7. The Somali Prime Minister of the time, Senatore Omar Abdirashid A. Sharmarke and his government, in conformity with the relevant provisions of the Convention on the Law of the Sea, to which Somalia is part, approved the MoU prior to its signature. Furthermore, subsequently to its signature, the Prime Minister had twice confirmed its validity, including after its registration publication by the United Nations Secretary-General in accordance with article 102 of the UN Charter. 
  8. On 14 April, 2009, within the time limit adopted by the State parties to the Commission on outer limits of the continental Shelf beyond 200 miles, Somalia, assisted by Norway, submitted preliminary submission indicative of the outer limits of its continental shelf beyond 200 nautical miles and would make its complete submission in July 2014. On 6 May 2009, Kenya too deposited with the CLCS its submission with respect to the continental shelf beyond 200 nautical miles.
  9. The 2009 MoU was Somalia’s first indication, after Kenya’s Presidential Proclamation of 1979 whereby Kenya established a maritime boundary in its exclusive economic zone at the parallel latitude that is considered a maritime boundary dispute to exist with Kenya in the area of overlap.
  10. In a letter addressed to the Secretary-General of the United Nations date 10 October, 2009, but only forwarded to him under cover of a letter from the Permanent Representative of Somalia to the United Nations dated 2 March, 2010, the Prime Minister of Somalia informed the Secretary-General that the MoU “was considered by the transitional Parliament and that members voted to reject it”, and requested that it be treated “non-actionable.
  11. On 4 February, 2014 (nearly five years since the MoU was signed), the Somali government sent two letters to the United Nations Secretary-General. The first letter objected to the registration of the MoU of Kenya with the Secretariat of the UN. In the second letter, Somalia objected to the consideration by the CLCS of Kenya’s submission on the ground the there existed a maritime boundary dispute between itself and Kenya and that the MoU was “void and ineffective”.
  12. Given Somalia’s rejection, the CLCS determined, during the thirty-fourth session (held from 27 January to 14 March, 2014) that it was “not in a position to proceed with the establishment of the Sub-Commission to consider Kenya’s submission at the time.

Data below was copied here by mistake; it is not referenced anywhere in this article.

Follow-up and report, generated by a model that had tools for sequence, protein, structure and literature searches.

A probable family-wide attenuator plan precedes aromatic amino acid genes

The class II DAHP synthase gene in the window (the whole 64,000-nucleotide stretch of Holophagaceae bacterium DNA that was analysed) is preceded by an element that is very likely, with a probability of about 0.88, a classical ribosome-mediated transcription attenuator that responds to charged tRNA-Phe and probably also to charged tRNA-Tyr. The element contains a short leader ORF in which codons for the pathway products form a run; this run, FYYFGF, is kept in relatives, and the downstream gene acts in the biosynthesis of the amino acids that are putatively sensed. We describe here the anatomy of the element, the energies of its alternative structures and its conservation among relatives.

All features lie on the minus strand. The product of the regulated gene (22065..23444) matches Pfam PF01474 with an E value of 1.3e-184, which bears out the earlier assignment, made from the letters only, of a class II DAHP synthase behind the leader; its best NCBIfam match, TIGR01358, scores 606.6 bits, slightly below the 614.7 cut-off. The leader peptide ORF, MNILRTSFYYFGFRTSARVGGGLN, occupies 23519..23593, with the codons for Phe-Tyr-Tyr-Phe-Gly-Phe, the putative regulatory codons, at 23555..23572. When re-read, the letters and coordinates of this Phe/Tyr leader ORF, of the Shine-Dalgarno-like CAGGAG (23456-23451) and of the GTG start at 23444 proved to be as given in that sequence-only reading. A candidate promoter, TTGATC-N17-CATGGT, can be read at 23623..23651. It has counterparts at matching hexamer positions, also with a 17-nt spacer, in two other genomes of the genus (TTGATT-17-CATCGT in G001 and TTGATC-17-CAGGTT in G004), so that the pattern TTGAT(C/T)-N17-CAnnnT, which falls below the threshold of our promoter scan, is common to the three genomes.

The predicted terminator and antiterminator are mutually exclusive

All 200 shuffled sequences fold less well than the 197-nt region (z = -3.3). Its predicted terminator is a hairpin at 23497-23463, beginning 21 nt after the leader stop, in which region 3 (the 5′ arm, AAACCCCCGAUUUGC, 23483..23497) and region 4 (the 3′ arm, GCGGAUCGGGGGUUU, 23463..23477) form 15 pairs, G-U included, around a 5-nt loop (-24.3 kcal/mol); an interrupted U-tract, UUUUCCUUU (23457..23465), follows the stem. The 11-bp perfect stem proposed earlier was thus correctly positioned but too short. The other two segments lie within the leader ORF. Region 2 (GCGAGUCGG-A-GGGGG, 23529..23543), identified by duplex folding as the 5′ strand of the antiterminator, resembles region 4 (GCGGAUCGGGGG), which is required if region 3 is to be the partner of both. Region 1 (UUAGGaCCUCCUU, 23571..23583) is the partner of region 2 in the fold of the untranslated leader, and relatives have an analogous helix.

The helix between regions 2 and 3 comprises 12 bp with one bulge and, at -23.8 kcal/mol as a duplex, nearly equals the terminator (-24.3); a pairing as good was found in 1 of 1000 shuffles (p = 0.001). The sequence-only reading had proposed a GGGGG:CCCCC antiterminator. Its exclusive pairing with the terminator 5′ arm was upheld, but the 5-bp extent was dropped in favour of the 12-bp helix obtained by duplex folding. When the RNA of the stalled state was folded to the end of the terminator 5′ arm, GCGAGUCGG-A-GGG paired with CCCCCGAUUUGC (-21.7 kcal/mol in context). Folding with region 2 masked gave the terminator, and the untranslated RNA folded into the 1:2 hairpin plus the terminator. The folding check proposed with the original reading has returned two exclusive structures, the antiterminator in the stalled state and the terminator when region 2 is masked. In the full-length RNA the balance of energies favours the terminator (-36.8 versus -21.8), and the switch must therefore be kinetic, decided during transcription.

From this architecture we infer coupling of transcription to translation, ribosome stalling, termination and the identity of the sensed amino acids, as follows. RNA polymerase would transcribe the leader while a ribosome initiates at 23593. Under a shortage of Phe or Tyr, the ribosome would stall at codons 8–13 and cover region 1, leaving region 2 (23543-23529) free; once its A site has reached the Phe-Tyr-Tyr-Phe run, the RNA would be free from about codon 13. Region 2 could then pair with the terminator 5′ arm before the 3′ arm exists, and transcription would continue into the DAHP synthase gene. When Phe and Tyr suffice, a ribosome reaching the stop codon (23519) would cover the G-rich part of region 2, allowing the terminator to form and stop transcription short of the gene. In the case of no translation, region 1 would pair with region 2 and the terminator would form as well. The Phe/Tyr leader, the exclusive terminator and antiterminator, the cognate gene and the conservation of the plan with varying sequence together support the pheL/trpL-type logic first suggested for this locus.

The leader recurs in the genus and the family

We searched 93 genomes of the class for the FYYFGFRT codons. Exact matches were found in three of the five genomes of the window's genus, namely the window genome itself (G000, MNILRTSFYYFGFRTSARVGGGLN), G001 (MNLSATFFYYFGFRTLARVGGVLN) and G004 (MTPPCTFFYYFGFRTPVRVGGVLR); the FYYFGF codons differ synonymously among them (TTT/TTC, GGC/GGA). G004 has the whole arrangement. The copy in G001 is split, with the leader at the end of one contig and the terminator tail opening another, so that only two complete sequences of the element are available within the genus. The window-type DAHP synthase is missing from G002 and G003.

13. The parts (Kenya and Somalia) subsequently engaged in negotiations on various questions of maritime delimitations. The Foreign Ministers of Somalia and Kenya held a meeting on 21 March 2014 at which it was agreed that a technical meeting be held in Nairobi between relevant officials.
  14. The first bilateral meeting was held in Nairobi on 26 and 27 March 2014.
  15. A second bilateral meeting was held in the same city on 28-29 July to reconvene on 26-26 August 2014 for a third meeting, but that meeting never occurred.
  16. On 21 July 2014, Somalia deposited with the CLCS its submission with respect to the Continental Shelf’s outer limits beyond 200 nautical miles.
  17. On 28 August 2014, Somalia filed with the Registry of the Court an Application instituting proceedings against Kenya. 
  18. On 4 May, 2015, Kenya, in turn, deposited its “objection to the consideration of the submission by Somalia”. However, in a Note Verbal addressed to the UN Secretary-General, dated 30 June, 2015, Kenya withdrew its objection to the CLCS consideration of Somalia’s submission.   
  19. On 7 July, 2015, Somalia sent a letter to the Secretary-General of the UN in which it withdrew its objection to the CLCS’s consideration of Kenya’s submission.
  20. On 2 February, 2017, the International Court of Justice concluded that the 2009 MoU “is a valid treaty that entered into force upon signature and is binding on the Parts under international law”. 

 


M. Trunji (FMR member “Guddiga Arrimaha Badda” of Somalia)

E-mail: [email protected]